Archie picked himself up, looking quite crestfallen, and the fright of the others was turned to laughter, as they discovered that he had received no damage beyond a slight scratch on his hand and a rent in his jacket.

Miss Fisk, making him promise not to repeat the experiment, went back to her seat under the trees and the book she had brought from the house for her own enjoyment.

The morning passed without any further incident worth recording, the children amusing themselves with various quiet plays, the girls keeping house, each under her own particular tree, and exchanging visits; the boys catching trout, which they sent to the house to be cooked for dinner. They wanted to make a fire and cook them themselves, but Miss Fisk wisely forbade it.

She would have had the meal served in the schoolhouse, but yielded to the clamor for an out-door repast. Several desks were brought out into the shade of the trees, a dainty table-cloth spread over them and the party presently sat down to a delightful collation, to which they brought keen appetites.

Ranger had disappeared. They missed him as they were leaving the table.

"Where can he have gone?" Harry was saying, when Vi cried out, "Oh yonder he is! and he has a dear little bird in his mouth! Oh you wicked, cruel dog!" And running to him she tried to take it from him.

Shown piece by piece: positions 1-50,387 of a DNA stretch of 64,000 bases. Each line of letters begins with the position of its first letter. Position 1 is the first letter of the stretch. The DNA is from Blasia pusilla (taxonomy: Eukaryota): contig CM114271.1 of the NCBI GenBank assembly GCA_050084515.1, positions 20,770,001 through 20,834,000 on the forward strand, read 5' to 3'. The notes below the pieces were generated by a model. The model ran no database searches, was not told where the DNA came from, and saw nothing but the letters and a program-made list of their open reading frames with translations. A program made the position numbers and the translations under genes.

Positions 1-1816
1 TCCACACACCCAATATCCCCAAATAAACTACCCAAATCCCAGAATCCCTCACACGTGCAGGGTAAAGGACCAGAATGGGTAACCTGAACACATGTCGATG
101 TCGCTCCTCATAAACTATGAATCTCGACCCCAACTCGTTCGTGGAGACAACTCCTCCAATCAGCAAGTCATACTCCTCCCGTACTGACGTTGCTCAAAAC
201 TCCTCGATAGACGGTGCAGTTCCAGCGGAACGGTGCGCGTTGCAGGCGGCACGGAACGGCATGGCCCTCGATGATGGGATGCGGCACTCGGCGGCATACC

Be dropped it and snapped at her, Eddie jerking her back just in time to save her from his teeth, while Archie, who was very fond of Vi, struck the dog a blow with a stick, crying furiously, "You just do that again, sir, and I'll kill you!"

Ranger then flew at him, but the boy avoided the attack by jumping nimbly behind a tree.

The other children were screaming with fright, and a catastrophe appeared imminent, but one of the maids came running with some tempting morsels for Ranger which appeased his wrath, and the danger was averted.

Ranger's attention being absorbed with the satisfying of his appetite, the children now looked about for the bird. It was not quite dead, but soon breathed its last in Vi's lap with her tears dropping fast upon it.

"Oh don't, Vi!" said Archie, "I can't bear to see you feel so sorry. And the bird isn't being hurt now, you know; 'twon't ever be hurt any more; will it, Ed?"

"No," said Harry, "we might as well let the dog have it."

"No, no!" said Eddie, "it would just encourage him to catch another."

"So it would," said Gertrude, "let's make a grand funeral and bury it at the foot of a tree. If we only knew now which one it used to live on."

The motion was about to be carried by acclamation, but Vi entered a decided protest. "No, no, I want to keep it."